Carmakers and security experts should work more closely together to develop common IT standards and protect connected cars from hacker attacks, a senior T-Systems executive told the automotiveIT Congress in Berlin.


T-Systems expert Chalvatzis says end-to-end security is key (Photo: Faces by Frank)

Michael Chalvatzis, a senior vice president at the consulting arm of Germany’s Telekom Group, said security is one of the biggest issues facing the connected car.

“Everything that’s connected will be attacked and everything that’s connected has to be secured,” he said. “When cars are connected, they will also be under attack.”

Chalvatzis said the number of cyber attacks and their level of agression are increasing. In March alone, the Telekom infrastructure fended off a record number of attacks, which, on a peak day, totaled 32 million.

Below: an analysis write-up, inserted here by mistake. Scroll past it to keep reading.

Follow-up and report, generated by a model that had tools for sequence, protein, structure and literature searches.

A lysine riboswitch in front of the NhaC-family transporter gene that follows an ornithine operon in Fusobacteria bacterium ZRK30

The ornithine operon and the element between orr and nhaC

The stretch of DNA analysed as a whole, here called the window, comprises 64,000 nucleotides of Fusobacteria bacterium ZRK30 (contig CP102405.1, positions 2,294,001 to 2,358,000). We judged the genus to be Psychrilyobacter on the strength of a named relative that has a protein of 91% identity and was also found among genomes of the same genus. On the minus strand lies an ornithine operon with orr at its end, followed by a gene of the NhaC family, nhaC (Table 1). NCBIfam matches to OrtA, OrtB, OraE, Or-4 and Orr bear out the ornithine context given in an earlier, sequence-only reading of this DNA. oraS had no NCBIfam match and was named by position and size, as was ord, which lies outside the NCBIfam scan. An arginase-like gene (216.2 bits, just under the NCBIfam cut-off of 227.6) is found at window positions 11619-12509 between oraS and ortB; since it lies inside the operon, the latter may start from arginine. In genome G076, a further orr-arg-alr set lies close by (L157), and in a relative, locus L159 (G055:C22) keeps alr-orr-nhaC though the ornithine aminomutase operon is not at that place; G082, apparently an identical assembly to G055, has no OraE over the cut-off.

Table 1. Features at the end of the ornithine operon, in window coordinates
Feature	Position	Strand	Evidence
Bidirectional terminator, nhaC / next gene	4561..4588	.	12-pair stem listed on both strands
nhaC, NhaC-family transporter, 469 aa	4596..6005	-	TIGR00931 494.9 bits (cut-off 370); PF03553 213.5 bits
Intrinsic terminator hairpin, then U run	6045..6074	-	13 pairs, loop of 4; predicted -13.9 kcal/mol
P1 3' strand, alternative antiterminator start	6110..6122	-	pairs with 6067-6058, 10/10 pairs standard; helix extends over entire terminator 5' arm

“Thirty-two million attacks just on our infrastructure in one day means war,” the T-Systems executive warned.

It makes no sense for individual car brands to develop cyber security strategies on its own, Chalvatzis said. Instead, they should work together on a standardized approach. But even then, he warned, there will be no such thing as 100 percent security.

Industrial companies should be prepared to raise their spending on securing critical infrastructure, Chalvatzis said. And, when it comes to cars, end-to-end protection that covers everything from manufacturing to the car that ends up on the road should be secured.